Home » Community » Articles » BookSmarts Podcast (ep. 41): Jane Friedman on Spotify Audiobooks & Author Earnings

Jane Friedman is an author with 25 years of experience in the media and publishing industry. She is the co-founder and editor of The Hot Sheet, a paid newsletter about the book publishing industry which was awarded Media Outlet of the Year in 2020 and also offers a free newsletter, Electric Speed, that has more than 25,000 subscribers.

Jane is an avid spokesman in the publishing community. Her expertise has been featured across countless media outlets, including The New York Times, CNN, NPR, and the Washington Post. She joins us on the BookSmarts Podcast to discuss the recent inclusion of audiobooks on Spotify and how that might affect the publishing industry going forward  for better or worse.

To learn more about Jane Friedman, and to subscribe to her newsletters, visit janefriedman.com. You can also follow her on LinkedIn, Instagram, and Facebook.

Can you talk about Spotify’s addition of audiobooks?

It’s been known for a long time that Spotify wanted to get into the audiobook space. What’s happened recently for anyone paying attention was not a surprise. We all knew it was coming. They tested the waters, I would say, very gently. This has been at least a year ago, if not a little longer, by opening up just a la carte audiobook sales. They didn’t have any special pricing. There weren’t any discounts if you were a premium Spotify member. It was just another audiobook outlet and I think the hope was since there are already all these people on Spotify, maybe putting this into their line of sight will generate a bigger audiobook consumer base.

Now, I don’t know if that did but, obviously, Spotify did not want to stop there. That was just kind of the opening salvo. What they really want is what they debuted in November, which is more of what we would consider like a subscription service to audiobooks but not quite. What happens with Spotify is if you’re a premium member, meaning you’re already paying a monthly fee, then you get 15 hours of listening each month. That resets and then you can start over with your 15 hours of consumption, and that’s without paying anything extra.

This is interesting for the audiobook market for one compelling reason: it’s really hard to sample audiobooks if you’re a US-based audiobook listener. It’s a little bit different in Europe, I don’t know if we want to get into that. In the US, if you’re on the audible model, for example, you kind of have to decide each month. You’ve got your one credit. What’s going to be the credit-worthy audiobook that you’re going to put it on? And people tend to favor the long epic sorts of books to get all the value out that you possibly can. 

Spotify and other companies like Spotify, that are interested in the subscription space, have long argued you’re not really getting all of the potential listeners. You’re not giving people the opportunity to try new things, to dip around. It also disadvantages short books, or children’s books and all sorts of other things that don’t merit the credit. So from that perspective, it is a fascinating thing to try to see if you can increase the size of the audiobook consumer market.

Spotify obviously has an enormous audience. Generally speaking, these are people who don’t necessarily read books. They might listen to podcasts, though, and there’s kind of some interesting overlap between those audiences.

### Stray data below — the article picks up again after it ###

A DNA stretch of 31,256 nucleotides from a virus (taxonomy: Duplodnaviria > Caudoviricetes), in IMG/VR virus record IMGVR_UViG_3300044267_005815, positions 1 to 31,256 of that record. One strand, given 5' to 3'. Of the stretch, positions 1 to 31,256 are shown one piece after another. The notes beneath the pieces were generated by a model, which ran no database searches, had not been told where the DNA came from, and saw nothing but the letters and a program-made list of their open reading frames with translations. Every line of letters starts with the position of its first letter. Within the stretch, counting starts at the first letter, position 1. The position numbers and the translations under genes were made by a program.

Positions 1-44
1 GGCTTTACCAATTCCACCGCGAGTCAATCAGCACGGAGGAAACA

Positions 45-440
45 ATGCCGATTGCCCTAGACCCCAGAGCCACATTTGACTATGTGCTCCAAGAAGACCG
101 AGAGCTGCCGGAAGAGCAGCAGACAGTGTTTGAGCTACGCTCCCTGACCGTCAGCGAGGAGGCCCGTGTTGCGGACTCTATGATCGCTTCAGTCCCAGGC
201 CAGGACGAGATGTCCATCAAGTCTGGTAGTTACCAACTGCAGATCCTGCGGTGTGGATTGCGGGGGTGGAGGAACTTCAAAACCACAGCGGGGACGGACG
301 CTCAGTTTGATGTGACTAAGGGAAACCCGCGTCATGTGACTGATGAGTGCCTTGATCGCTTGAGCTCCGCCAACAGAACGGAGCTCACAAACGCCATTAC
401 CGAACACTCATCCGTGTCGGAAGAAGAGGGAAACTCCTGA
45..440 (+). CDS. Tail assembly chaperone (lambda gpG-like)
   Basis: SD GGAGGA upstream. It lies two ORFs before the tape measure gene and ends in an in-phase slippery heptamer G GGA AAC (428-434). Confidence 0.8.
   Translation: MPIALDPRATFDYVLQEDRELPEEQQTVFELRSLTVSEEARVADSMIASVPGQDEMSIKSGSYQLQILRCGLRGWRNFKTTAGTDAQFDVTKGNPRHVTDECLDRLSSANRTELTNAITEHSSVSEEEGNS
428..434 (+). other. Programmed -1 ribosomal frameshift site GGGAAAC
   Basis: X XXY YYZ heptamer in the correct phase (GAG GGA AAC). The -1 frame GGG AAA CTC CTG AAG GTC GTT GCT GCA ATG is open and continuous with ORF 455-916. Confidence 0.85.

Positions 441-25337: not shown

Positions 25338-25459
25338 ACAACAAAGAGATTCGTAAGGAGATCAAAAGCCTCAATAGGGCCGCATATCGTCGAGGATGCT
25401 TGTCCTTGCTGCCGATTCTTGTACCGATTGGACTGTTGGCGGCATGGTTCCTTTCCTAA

What are the current opinions regarding Spotify’s audiobooks?

Here’s where all the questions lie, in my opinion.

There’s a lot of concern about how Spotify pays for this listening. Because if people are skipping around listening to 30 minutes here or two hours there, how do you pay the publishers and, of course, the authors for that? Well, some of this is shrouded in secrecy so we can only kind of speculate and read the tea leaves. But based on mainstream media reports, what Spotify has said, and what the Authors Guild has come out with, it appears that if you’re with one of the really major publishers, like Penguin Random House, then you’re either getting paid or they’re getting paid every time there’s 100% of a full listen, whether that comes from 20 different people or a single person. That is equating to what would be like a full payout a la audible payout, like a conventional payout, or the full payout is triggered once a certain threshold is met.

There’s essentially a free sample so people might only listen to 2% or 5% and that might not be enough to trigger the full payout. My guess is it’s probably around 10 to 20% that triggers the full payout whether or not people continue. Again, there’s so much author anxiety around this because we’ve all seen the headlines about what Spotify pays musicians, right? There’s this deep, deep concern that it’s going to upend earnings for everybody.

However, I’m not scared yet, because I think publishers are actually pretty astute on this. They have been very, very cautious about putting any of their books into subscription models digitally, whether that’s Ebook or audio. They more or less don’t put their books into Kindle Unlimited, the Amazon Ebook program. Penguin Random House, interestingly, wouldn’t allow its audiobooks into subscription programs. This doesn’t include Audible, which I don’t really consider a subscription program. But they won’t put it in Everand, for example. They don’t put it in Storytel. They pulled them all out in 2020 because they thought that the model was bad for for earnings. But they changed their mind when Spotify came to the door. Now, why is that? Well, I have to imagine it’s because they’re getting what they would normally get. I’m just speculating but perhaps there was some sort of signing bonus. I don’t know. But again, I’m not concerned now.